Release Title: In the Sign of Satan
Label: Inferna Profundus Records
Genre: Old-School Black Metal
1. Open the Flesh
2. Left Hand Theosis
3. Force of Faith and Fire
4. Raining Salvation
5. Until Death We Sing Thy Name
6. Incipit Khaos
Founded by mainman S. in 2014, the German black metal band Adversum was from the very beginning an overt and blasphemous Satanic act beginning with the first songs composed at the act’s infancy. Joined by drummer MDB and session member R. the is finally ready to unleash their debut album released June 30, 2016 by Inferna Profundus Records.
From the onset this here is a tried and true old-school black metal act with plenty of traditional elements found there. Firing away tight, intense tremolo rhythms around a buzzing, mid-tempo gallop while occasionally getting up into a more fiery, energetic realms gives this a rather dynamic appeal to the old-school crowd while generally making the album quite nice overall. There’s plenty of sprawling, atmospheric accents along the way with the kind of slowed-down charges that come across nicely as well by acting as solid buffering segments against the infernal blasting on-display as there’s a generous amount of those rhythms featured here when the album also gets back into the traditional trappings with the swirling tremolo-picked patterns and blasting drum-work. All told, this creates a nice, infernal mixture that’s quite appealing and generally rewarding of it’s old-school approach, though the album does have a few minor issues. The brief running time is something to take into consideration, feeling much more like a demo release or even an EP with the few tracks here which is slightly problematic as the album is really getting going and finding the band just beginning to hit their stride with some great tracks leading up to the finish only for the album to suddenly be over, and while it does work in wanting the listener to want more it does feel short-changed as a result. Again, so effectively calling out the old-school way of doing things here might be a little tiresome though not as tiresome as the album’s final track which is a pointless noise collage that sounds more appropriate on an ambient or industrial release and seems too out-of-place on the album as a whole. Still, for the most part this one isn’t that bad of a release.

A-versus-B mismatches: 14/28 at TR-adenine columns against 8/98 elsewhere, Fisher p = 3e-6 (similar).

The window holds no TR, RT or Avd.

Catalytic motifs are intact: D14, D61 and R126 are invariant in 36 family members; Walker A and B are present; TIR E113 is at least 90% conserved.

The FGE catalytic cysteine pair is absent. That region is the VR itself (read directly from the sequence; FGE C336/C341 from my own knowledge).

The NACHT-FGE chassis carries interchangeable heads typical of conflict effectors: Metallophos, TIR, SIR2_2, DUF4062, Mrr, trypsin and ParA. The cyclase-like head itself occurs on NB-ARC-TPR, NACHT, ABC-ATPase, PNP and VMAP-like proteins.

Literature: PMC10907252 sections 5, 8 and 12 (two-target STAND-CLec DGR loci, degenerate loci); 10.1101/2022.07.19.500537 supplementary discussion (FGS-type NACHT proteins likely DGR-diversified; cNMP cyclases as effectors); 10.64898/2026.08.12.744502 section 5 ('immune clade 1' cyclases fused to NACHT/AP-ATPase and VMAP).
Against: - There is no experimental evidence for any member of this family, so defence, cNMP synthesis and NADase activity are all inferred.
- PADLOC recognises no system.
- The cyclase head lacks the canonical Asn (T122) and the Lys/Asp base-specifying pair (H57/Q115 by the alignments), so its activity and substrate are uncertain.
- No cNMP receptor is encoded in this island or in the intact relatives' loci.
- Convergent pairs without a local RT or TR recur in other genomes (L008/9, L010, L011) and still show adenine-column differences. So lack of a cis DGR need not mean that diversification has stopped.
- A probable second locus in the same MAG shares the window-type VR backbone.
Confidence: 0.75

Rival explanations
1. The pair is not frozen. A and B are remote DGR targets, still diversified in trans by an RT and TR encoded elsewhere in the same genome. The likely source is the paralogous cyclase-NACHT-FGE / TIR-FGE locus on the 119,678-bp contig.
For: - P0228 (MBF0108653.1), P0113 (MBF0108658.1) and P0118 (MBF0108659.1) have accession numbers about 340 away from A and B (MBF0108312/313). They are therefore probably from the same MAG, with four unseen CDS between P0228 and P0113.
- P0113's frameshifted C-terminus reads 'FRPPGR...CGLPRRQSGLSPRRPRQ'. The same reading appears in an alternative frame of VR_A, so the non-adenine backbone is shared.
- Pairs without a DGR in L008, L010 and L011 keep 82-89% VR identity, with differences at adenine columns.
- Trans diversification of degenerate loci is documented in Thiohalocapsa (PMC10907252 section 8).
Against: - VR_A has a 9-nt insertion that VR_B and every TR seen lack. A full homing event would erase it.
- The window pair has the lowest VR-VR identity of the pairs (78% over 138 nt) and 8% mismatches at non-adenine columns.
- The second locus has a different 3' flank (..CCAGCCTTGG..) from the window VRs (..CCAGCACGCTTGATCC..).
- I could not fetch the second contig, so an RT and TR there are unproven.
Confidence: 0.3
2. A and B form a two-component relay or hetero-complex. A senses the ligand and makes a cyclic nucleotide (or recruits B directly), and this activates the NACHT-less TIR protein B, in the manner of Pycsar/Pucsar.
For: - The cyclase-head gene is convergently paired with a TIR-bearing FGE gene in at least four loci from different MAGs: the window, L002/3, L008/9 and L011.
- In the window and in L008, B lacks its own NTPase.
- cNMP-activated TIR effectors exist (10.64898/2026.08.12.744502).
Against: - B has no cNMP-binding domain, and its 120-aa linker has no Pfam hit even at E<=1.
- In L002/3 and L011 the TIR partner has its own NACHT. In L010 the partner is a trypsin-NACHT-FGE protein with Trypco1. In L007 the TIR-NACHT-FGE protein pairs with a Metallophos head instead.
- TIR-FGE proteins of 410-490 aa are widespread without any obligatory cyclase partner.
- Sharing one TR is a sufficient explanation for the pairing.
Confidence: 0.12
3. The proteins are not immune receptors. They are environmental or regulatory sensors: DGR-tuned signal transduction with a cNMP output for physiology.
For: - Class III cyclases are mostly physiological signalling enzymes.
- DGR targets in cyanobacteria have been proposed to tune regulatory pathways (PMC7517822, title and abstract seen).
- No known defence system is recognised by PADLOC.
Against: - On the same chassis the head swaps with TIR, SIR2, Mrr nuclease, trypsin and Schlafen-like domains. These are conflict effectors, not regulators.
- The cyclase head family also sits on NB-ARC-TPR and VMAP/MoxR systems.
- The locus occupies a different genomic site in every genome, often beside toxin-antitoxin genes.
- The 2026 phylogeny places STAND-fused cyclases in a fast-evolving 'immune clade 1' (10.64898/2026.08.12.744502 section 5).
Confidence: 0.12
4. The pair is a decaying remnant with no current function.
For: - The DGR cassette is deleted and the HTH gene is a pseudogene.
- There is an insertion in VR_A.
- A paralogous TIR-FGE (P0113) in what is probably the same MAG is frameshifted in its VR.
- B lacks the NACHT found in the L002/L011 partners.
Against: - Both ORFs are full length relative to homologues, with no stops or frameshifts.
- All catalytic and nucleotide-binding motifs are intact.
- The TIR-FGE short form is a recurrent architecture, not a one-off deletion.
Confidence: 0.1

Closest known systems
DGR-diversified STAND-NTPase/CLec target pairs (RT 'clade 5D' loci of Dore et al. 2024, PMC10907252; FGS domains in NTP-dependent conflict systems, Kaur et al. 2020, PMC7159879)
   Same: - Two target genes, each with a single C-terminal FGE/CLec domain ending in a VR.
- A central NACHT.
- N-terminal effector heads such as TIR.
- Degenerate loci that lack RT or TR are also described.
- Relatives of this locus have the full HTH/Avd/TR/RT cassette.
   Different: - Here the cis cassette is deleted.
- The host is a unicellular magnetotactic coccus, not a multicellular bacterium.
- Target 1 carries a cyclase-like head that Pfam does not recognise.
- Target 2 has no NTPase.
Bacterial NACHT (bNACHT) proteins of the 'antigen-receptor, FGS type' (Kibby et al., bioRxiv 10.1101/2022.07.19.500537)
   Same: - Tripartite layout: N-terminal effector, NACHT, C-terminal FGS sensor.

Despite a few minor missteps here and there, the fact that there’s a lot of good, solid work to be found here on this one really does make it a far more engaging and enjoyable first-offering than expected making this one a rather appealing listen to all who appreciate and support the second-wave old-school style groups in the underground.
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